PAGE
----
Editor’s Note: This article first appeared in Group Magazine–the world’s most-read youth ministry resource. For more information, visit groupmagazine.com and get these great articles delivered right to your mailbox or iPad!
My phone just rang again with another agonizing report of a leader who’s out of the game due to some agonizing personal choices. My mind races with other names who’ve joined that sad list—people who could’ve given so much to kids. Allow me to briefly “preach to the choir” with the reminder that it’s far too easy for our charisma to outstrip our character.
Oswald Chambers said, “The future is with the disciplined. And without discipline, the gifts of a leader, no matter how great, will never reach their maximum potential.” Let’s take his wise advice one step further. Without discipline, the gifts of a leader can become highly dangerous. We can become so verbal that we begin talking rings around the people we should be listening to. We can become so influential that our influence slowly erodes into manipulation. We can become so much a public representative of God that our private relationship with him becomes past tense.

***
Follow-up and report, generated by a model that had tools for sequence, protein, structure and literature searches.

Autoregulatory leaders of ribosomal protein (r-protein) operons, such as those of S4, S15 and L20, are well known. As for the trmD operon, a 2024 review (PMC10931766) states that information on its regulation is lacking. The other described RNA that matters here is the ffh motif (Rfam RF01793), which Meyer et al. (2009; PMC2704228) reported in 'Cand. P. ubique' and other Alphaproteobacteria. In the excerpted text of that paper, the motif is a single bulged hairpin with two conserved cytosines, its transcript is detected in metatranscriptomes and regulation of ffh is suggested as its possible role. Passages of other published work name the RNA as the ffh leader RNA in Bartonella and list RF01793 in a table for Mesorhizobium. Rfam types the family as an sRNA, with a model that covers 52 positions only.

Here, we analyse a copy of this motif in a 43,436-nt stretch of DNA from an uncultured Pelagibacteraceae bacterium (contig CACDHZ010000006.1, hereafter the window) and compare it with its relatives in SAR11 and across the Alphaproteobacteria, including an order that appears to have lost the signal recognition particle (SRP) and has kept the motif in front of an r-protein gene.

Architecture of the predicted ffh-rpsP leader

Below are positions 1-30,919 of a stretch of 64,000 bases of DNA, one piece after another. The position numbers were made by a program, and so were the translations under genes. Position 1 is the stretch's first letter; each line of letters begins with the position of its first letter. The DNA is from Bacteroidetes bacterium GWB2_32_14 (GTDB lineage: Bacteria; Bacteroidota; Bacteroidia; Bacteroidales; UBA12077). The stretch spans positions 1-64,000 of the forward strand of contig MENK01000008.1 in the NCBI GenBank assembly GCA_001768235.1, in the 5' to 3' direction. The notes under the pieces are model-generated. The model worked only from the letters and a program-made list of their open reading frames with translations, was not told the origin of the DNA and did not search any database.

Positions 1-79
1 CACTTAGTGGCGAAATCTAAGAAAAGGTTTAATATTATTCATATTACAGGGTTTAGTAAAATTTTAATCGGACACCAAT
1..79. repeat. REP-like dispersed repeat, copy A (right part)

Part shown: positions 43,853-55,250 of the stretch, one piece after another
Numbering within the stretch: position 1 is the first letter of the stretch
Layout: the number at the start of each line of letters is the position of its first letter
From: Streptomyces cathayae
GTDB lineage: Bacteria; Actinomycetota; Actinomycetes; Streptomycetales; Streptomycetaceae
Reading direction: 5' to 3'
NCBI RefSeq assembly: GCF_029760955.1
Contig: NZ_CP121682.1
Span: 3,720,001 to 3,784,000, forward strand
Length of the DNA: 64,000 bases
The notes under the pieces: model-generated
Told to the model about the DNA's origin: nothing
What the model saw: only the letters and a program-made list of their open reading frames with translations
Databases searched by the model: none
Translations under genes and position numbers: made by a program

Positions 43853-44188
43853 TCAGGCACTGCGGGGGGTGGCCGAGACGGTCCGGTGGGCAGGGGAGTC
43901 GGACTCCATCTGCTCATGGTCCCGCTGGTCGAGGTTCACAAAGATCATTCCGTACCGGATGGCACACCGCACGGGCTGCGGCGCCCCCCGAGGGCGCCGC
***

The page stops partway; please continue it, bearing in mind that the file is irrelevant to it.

Some simple warning signs let me know when I’m getting out of touch with Christ in my personal life. See if any resonate with you:
• I speak often from my head but rarely from my heart.
• I speak about yesterday and have nothing fresh from today.
• I speak about what I’ve learned rather than what I’m learning.
• I cease to answer my own altar calls.
• I long more for the approval of people than of God.
• I internally resent those around me who question my decisions or authority.
The ultimate bottom line for me is the stark realization that it’s much easer to get followers than it is to be worthy of being followed. Our talent can become deadly—kind of like an octopus on roller skates. From the outside, we produce plenty of movement but never know which direction we’re really going.
Recently, I received a sincere compliment. “Jeanne, your character is so consistent that predicting you is a little boring,” someone said laughingly. I paused and then said thanks. I’m not sure I’ve ever been called boring before, but in that context, I celebrated. By God’s grace, I’m determined to be better at leading myself than at leading others.
So here’s a new goal: Aspire to be consistent enough in your character that people will someday call you a little boring. While they may be yawning, Jesus will be smiling. ◊